individual parent-child interaction training and parent group didactic training. Journal of

Clinical Psychology, 36, 492–499.

Eyberg, S. M., & Robinson, E. A. (1983). Conduct problem behavior: Standardization of a

behavioral rating scale with adolescents. Journal of Clinical Child Psychology, 12, 347–357.

Feldman, R. (2012). Oxytocin and social affiliation in humans. Hormones and Behavior, 61(3),


Fisher, P. A., & Gunnar, M. R. (2010). Early life stress as a risk factor for disease in adulthood. In

R. A. Lanius, E. Vermetten, & C. Pain (Eds.), The impact of early life trauma on health and

disease: The hidden epidemic (pp. 133–141). New York, NY: Cambridge University Press.

Gardner, F., Burton, J., & Klimes, I. (2006). Randomised controlled trial of a parenting intervention in the voluntary sector for reducing child conduct problems: Outcomes and mechanisms of

change. Journal of Child Psychology and Psychiatry, 47(11), 1123–1132.

Ghosh Ippen, C., Harris, W. W., Van Horn, P., & Lieberman, A. F. (2011). Traumatic and stressful

events in early childhood: Can treatment help those at highest risk? Child Abuse & Neglect,

35(7), 504–513.

Gliner, J. A., Morgan, G. A., & Harmon, R. J. (2003). Pretest-posttest comparison group designs:

Analysis and interpretation. Journal of the American Academy of Child & Adolescent Psychiatry, 42, 500–503.

Hakman, M., Chaffin, M., Funderburk, B., & Silovsky, J. F. (2009). Change trajectories for parentchild interaction sequences during parent-child interaction therapy for child physical abuse.

Child Abuse & Neglect, 33(7), 461–470.



Hoagwood, K., Burns, B. J., Kiser, L., Ringeisen, H., & Schoenwald, S. K. (2014). Evidence-based

practice in child and adolescent mental health services. Psychiatric Services, 52(9),


Horner, R. H., Carr, E. G., Halle, J., McGee, G., Odom, S., & Wolery, M. (2005). The use of

single-subject research to identify evidence-based practice in special education. Exceptional

Children, 71(2), 165–179.

Hutchings, J., Bywater, T., Daley, D., Gardner, F., Whitaker, C., Jones, K., . . . & Edwards, R. T.

(2007). Parenting intervention in Sure Start services for children at risk of developing conduct

disorder: pragmatic randomised controlled trial. BMJ, 334(7595), 678–685.

Kazdin, A. E. (2015). Clinical dysfunction and psychosocial interventions: The interplay of

research, methods, and conceptualization of challenges. Annual Review of Clinical Psychology, 11, 1–2.28.

Klein Velderman, M., Bakermans-Kranenburg, M. J., Juffer, F., & van IJzendoorn, M. H. (2006).

Effects of attachment-based interventions on maternal sensitivity and infant attachment:

Differential susceptibility of highly reactive infants. Journal of Family Psychology, 20(2),


Kraemer, H. C., Wilson, G. T., Fairburn, C. G., & Agras, W. S. (2002). Mediators and moderators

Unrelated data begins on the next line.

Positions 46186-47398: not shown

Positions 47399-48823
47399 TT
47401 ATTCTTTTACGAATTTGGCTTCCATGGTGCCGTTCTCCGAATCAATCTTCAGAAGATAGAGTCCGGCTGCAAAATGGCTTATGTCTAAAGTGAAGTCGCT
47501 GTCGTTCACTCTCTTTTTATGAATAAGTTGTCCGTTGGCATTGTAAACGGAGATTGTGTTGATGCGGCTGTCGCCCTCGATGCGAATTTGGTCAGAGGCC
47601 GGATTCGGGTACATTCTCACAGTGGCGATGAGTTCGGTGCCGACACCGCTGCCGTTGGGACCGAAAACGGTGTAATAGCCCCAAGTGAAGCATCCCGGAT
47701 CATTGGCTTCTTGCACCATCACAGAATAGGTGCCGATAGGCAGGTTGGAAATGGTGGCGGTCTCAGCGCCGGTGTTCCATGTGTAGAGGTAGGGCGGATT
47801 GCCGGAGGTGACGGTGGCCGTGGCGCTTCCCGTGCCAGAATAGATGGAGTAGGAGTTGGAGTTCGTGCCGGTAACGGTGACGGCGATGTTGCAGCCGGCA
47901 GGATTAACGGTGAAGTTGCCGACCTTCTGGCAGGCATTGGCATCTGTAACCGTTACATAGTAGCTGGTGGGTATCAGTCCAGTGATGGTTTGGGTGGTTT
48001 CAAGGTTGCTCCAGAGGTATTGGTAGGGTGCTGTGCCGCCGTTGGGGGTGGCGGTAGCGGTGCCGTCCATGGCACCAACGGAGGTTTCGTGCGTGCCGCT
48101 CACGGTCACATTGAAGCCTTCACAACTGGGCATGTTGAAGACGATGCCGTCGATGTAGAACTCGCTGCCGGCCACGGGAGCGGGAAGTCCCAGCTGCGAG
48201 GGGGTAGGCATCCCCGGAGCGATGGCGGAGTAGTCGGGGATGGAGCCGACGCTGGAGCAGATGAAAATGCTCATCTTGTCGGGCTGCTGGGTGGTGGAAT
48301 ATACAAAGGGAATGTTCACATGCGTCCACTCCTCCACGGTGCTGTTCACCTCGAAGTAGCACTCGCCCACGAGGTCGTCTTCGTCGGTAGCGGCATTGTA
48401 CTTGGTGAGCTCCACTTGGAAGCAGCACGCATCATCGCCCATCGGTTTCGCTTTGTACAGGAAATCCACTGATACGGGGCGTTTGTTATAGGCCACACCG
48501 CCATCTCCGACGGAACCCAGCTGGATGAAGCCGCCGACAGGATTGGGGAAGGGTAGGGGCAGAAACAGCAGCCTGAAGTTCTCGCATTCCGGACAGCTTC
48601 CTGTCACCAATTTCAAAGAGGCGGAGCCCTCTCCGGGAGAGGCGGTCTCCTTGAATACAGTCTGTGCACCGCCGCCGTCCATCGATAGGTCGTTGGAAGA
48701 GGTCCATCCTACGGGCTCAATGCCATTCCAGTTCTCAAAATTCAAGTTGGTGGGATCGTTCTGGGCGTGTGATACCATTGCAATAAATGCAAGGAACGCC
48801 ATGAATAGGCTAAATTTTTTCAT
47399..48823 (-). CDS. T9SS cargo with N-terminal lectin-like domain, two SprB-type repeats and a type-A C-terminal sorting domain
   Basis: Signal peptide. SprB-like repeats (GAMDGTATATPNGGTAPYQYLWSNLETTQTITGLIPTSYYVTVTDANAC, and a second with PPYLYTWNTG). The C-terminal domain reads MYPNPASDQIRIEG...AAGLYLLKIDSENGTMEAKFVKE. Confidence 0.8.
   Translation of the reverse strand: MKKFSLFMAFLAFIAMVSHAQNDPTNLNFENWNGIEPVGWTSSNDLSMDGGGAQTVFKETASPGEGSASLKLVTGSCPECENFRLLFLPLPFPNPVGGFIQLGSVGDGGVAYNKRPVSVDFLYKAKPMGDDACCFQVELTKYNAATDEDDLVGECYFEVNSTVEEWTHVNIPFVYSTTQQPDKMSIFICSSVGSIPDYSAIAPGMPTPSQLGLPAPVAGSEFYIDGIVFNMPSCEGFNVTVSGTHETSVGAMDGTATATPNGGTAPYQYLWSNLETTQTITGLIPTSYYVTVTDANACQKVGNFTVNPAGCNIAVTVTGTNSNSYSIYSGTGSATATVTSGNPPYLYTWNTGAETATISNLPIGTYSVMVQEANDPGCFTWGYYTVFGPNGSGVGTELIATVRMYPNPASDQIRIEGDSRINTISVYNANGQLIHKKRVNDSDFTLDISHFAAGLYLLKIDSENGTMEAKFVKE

of treatment effects in randomized clinical trials. Archives of General Psychiatry, 59(10),


Larsson, B., Fossum, S., Clifford, G., Drugli, M. B., Handega˚rd, B. H., & Mørch, W. T. (2009).

Treatment of oppositional defiant and conduct problems in young Norwegian children.

European Child & Adolescent Psychiatry, 18(1), 42–52.

Lavigne, J. V., LeBailly, S. A., Gouze, K. R., Cicchetti, C., Pochyly, J., Arend, R., . . . & Binns,

H. J. (2008). Treating oppositional defiant disorder in primary care: a comparison of three

models. Journal of Pediatric Psychology, 33(5), 449–461.

Lebovici, S. (1999). The genesis of mental representations. In P. Fonagy, A. M. Cooper, & R. S.

Wallerstein (Eds.), Psychoanalysis on the move: The work of Joseph Sandler (pp. 75–86).

New York, NY: Routledge.

Lenze, S. N., Pautsch, J., & Luby, J. (2011). Parent-child interaction therapy emotion development: A novel treatment for depression in preschool children. Depression and Anxiety, 28(2),


Leung, C., Tsang, S., Heung, K., & Yiu, I. (2008). Effectiveness of parent-child interaction therapy

(PCIT) among Chinese families. Research on Social Work Practice, 19(3), 304–313.

Lieberman, A. F., & Pawl, J. H. (1993). Infant–parent psychotherapy. In C. H. Zeanah Jr. (Ed.),

Handbook of infant mental health (pp. 427–442). New York, NY: Guilford Press.

Lieberman, A. F., Silverman, R., & Pawl, J. H. (2000). Infant-parent psychotherapy: Core concepts

and current approaches. In C. Zeanah (Ed.), Handbook of infant mental health (2nd ed.,

pp. 472–484). New York, NY: Basic Books.

Lieberman, A. F., & Van Horn, P. (1998). Attachment, trauma, and domestic violence: Implications for child custody. Child and Adolescent Psychiatric Clinics of North America, 7(2),


Lieberman, A. F., & Van Horn, P. (2011). Psychotherapy with infants and young children:

Repairing the effects of stress and trauma on early attachment. New York, NY: Guilford Press.

Lieberman, A. F., Van Horn, P., & Ghosh Ippen, C. (2005). Toward evidence-based treatment:

Child-parent psychotherapy with preschoolers exposed to marital violence. Journal of the

American Academy of Child & Adolescent Psychiatry, 44(12), 1241–1248.

Ludwig, J., & Miller, D. L. (2005). Does Head Start improve children’s life chances? Evidence

from a regression discontinuity design. The Quarterly Journal of Economics, 122(1), 159–208.

Marcon, R. A. (2002). Moving up the grades: Relationship between preschool model and later